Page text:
Three Australian families have given a personal look into the dangers and impacts of cryptocurrency scams being run by global syndicates and targeting vulnerable Australians.
In a harrowing episode of the ABCs 7.30, IFW Chairman Ken Gamble told reporters he is in the process of building a case against the scammers. “We have to demonstrate how the fraud works and where the fraud is and how the fraud has been perpetrated. Once we have that evidence in a presentable format, we will go to law enforcement in multiple countries and we will have those people arrested.”
Australian Families Targeted
Across three stories, the report demonstrated the various ways scammers have been targeting victims.
Queensland couple Emma, 25, and Hugo, 24, were called by someone posing as an investment manager from Irish brokerage Druid ICAV. Using a fake trading platform that mirrored real world events, and encouraged by regular phone calls advising them to make further investments, the couple lost a total of $110,000.
A 45 year old father who emigrated from Poland when he was 15 was also targeted, losing $457,000 through a series of progressively larger investments into Bitcoin along with pharmaceutical companies Moderna and Pfizer via the investment company StocksCM. The scammers manipulated him through the rise and fall of his investments on a fake trading platform, eventually convincing him to invest a sum of $100,000 to recover his supposed millions in losses.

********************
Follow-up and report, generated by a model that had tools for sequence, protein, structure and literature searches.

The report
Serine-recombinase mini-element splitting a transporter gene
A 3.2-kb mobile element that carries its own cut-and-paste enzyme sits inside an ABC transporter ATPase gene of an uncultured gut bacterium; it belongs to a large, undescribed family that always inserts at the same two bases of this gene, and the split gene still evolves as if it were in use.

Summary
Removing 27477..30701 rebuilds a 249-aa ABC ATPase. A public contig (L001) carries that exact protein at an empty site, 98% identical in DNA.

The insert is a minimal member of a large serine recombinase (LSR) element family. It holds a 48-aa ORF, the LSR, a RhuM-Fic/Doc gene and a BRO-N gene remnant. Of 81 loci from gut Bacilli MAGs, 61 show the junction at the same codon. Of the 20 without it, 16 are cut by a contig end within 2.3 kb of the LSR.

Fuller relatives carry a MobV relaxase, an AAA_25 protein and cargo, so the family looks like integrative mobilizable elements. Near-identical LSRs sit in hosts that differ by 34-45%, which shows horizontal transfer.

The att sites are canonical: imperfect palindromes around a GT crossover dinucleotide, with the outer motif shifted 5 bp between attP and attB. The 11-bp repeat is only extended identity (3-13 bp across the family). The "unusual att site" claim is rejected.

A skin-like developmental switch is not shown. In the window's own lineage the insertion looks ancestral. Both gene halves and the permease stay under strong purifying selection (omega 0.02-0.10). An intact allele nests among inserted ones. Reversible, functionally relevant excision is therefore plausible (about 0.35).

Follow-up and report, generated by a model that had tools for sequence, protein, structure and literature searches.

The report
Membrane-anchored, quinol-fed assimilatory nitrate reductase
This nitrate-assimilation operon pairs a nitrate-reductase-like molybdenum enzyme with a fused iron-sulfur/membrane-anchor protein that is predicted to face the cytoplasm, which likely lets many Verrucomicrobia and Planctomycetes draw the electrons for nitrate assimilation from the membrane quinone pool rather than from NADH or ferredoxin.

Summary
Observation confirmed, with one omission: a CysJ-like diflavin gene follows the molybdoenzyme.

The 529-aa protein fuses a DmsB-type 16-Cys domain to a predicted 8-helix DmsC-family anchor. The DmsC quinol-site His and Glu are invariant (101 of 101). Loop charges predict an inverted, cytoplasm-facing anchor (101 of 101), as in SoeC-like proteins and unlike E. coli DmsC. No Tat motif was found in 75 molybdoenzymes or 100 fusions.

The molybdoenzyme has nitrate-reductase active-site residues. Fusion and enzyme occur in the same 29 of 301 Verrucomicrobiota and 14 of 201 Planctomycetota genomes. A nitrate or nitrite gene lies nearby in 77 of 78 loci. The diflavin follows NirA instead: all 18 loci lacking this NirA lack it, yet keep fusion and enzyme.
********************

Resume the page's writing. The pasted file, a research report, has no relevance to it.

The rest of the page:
In a third story, Melanie, a woman in her 40s battling multiple sclerosis for over 20 years, was scammed out of her $50,000 inheritance. Claiming to be from her bank, a man calling himself Peter said there was a security breach that needed to be resolved, and installed remote software on her phone. The scammers proceeded to create a fake account with crypto investment platform CoinSpot to transfer funds from her bank account.
Little Recourse for Australian Victims
IFW Global’s Ken Gamble said Australians are particularly vulnerable to targeting by scammers due to the lack of capability our law enforcement has to chase down the perpetrators.
“The scammers are very successful when they target Australians.
“One of the other major reasons is that our law enforcement bodies don’t go after these groups.”
The Australian Federal Police’s Cybercrime Commander Chris Goldsmid said that they are working harder to fight back against scammers.
“A lot of this activity does originate from offshore, which is why we are doing things like expanding our cybercrime liaison network offshore, so we can take the fight to criminals offshore.”